AT 60, and with a legacy guaranteed as one of England's greatest sporting heroes, Sir Ian Botham isn't someone who needed any more challenges.
He has plenty to occupy his life, whether it's his latest epic charity walk to add to the £25m he’s already raised, jetting round the world to commentate for Sky TV, or spending time with his family back home in the north of England.
And yet, Sir Ian has agreed to become Durham County Cricket Club chairman in the midst of severe financial problems which has seen the club stripped of its Test status and relegated to Division Two, with a deduction of 48 points from the start of the season.
Sir Ian Botham
The faint-hearted might easily have rejected the challenge of leading Durham’s recovery. But Sir Ian has never been faint-hearted and he looks forward to 2017 brimming with positivity.
The England and Wales Cricket Board has agreed a £1.8m bailout, albeit with severe sanctions, while Durham County Council has demonstrated its commitment to the club’s future by converting the £3.7m it was owed into shares in a move which Sir Ian welcomes as a crucial step.
“It’s very important to have the county council on board. They could have walked away and written off the debt but what’s been achieved by turning it into share options means the council will, hopefully, get everything back,” he says.
“I’m optimistic. I honestly think these are exciting times for Durham. “We’re going to get back in the top flight where we belong and I think we can do it this year. We’re certainly good enough.”
Twenty five years have passed since Sir Ian came to Durham as it emerged as the first new top-class county in 70 years and he has clearly fallen in love with the place beyond the boundaries of the Riverside cricket ground, with the iconic Lumley Castle as its backdrop.
“It’s haunted,” he smiles. “If we want to beat the opposition, we should put them in there so they have a sleepless night and take them on the next day!”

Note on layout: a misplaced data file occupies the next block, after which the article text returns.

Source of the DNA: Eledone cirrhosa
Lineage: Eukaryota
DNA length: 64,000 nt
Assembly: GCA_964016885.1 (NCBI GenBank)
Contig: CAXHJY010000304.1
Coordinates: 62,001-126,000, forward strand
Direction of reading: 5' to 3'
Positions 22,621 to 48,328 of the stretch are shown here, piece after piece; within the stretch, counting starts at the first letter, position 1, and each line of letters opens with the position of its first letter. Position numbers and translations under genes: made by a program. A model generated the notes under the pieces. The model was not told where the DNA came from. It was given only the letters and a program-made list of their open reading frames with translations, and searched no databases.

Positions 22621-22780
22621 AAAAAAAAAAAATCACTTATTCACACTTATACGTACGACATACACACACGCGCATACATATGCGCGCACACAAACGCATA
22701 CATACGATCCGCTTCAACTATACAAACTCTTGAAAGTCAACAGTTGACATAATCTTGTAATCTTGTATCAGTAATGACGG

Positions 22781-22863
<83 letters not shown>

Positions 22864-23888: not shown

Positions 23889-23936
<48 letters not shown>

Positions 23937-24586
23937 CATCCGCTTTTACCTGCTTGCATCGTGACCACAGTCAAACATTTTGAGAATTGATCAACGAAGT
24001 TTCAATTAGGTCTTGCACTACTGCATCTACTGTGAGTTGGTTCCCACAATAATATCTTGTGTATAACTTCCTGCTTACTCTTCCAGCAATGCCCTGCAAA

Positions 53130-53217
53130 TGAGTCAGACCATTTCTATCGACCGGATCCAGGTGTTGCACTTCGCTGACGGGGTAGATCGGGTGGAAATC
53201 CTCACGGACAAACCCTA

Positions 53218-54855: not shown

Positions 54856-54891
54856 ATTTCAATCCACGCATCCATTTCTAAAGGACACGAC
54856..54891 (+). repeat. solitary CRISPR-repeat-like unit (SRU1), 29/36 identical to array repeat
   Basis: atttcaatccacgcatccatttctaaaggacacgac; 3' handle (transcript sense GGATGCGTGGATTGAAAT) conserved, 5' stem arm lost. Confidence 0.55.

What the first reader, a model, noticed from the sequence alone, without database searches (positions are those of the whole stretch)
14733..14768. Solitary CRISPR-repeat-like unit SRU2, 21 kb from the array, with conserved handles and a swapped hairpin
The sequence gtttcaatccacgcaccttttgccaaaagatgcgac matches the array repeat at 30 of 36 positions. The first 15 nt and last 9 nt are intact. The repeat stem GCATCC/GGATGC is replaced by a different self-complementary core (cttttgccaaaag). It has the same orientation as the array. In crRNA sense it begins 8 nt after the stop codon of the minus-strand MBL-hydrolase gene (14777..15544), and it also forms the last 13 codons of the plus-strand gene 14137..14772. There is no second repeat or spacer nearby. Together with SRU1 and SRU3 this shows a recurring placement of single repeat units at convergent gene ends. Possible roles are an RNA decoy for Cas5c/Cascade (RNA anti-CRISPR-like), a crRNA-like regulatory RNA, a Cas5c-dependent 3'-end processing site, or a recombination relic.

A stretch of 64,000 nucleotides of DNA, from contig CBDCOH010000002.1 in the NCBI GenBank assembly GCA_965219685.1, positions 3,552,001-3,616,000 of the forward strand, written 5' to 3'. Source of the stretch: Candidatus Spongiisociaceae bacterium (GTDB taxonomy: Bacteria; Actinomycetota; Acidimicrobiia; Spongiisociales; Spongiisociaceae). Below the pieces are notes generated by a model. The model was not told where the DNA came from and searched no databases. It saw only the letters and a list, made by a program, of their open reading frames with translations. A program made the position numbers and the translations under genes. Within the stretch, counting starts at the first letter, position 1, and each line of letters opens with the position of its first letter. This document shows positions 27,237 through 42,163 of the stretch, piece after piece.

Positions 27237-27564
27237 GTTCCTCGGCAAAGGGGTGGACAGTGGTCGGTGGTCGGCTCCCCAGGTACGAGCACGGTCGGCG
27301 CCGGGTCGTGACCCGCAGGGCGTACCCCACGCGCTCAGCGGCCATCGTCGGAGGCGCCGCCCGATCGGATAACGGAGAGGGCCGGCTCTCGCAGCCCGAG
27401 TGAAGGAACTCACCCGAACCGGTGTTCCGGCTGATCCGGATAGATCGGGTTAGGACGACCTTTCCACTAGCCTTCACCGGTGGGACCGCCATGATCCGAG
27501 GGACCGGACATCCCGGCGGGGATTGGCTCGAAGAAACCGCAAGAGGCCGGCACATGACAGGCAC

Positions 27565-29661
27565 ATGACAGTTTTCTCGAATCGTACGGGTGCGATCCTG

Whatever ghosts the castle may have, he’s adamant that the cricket club must not be allowed to die, not least because it’s so important in putting Durham – newly branded as “Place of Light” – in the international spotlight.
The club, which hosted an Ashes Test match in 2013, plays a unique role in showcasing Durham as a “special part of the world,” he says.
The opening ball of the Fourth Ashes Test in 2013
“Durham’s got everything – beautiful rivers, waterfalls, moors. It’s a place to come to. It’s nice hearing people say they had a great holiday in Durham and that it’s a wonderful place with friendly people.
“Of course we’re friendly. I always say that if you break down in the south of England and knock on someone’s door, they’ll open the letter-box and tell you there’s a phone down the road. Up here, they’ll open the door, say here’s the phone and make a cup of tea. It’s a different mentality.
“What makes Durham special is the people and what you see out of the window – green fields, business hubs, and one of the best universities. There aren’t many things you can find that’s wrong about Durham.”
With walking and fishing high on his list of passions, he loves the Durham countryside but the man known as “Beefy” also wants to highlight “the wealth of great restaurants” in Durham, citing the Raby Hunt, at Summerhouses, and the Bridgewater Arms, at Winston, as favourites.
Inevitably, however, it’s cricket which stands out as his biggest passion and Durham will always hold a special place in his sporting heart.
“To play in the first season for Durham when they came into first-class cricket meant a lot – it’s history. What’s impressed me most is the success rate Durham’s had through its academy. Look at the home-grown talent we keep on finding,” he says, pointing out that Durham has produced more England players than any county in recent times, with the likes of Steve Harmison, Paul Collingwood, Ben Stokes, Phil Mustard, Mark Wood, and new star, Keaton Jennings.
“I’m disappointed at the 48-point penalty. It’s harsh because it’s hurting the players and they’ve been magnificent,” he says.
“There’s nothing we can do about previous administrations. What’s gone has gone but the players are going to roll up their sleeves and be ready for battle.
“There are a lot of good ideas coming through and it’ll be full steam ahead. I’m very excited about it and that runs through the club, the coaches and the academy.”
Those ideas include taking Durham matches out to Northumberland, Cumbria and southern Scotland, with a view to collectively attracting a larger audience for key games. More concerts are on the agenda, with a Rod Stewart date announced just this week, and Sir Ian also wants to get serious about a hotel development.
And, naturally, he wants the people of Durham to support the climb back to the top.
“There’s been a great response from the public. I walk down the street and people shout ‘Good luck with it Beefy – get stuck in’. And that’s what we’ll do.”
With Sir Ian Botham’s track record, who’d bet against him meeting his latest challenge?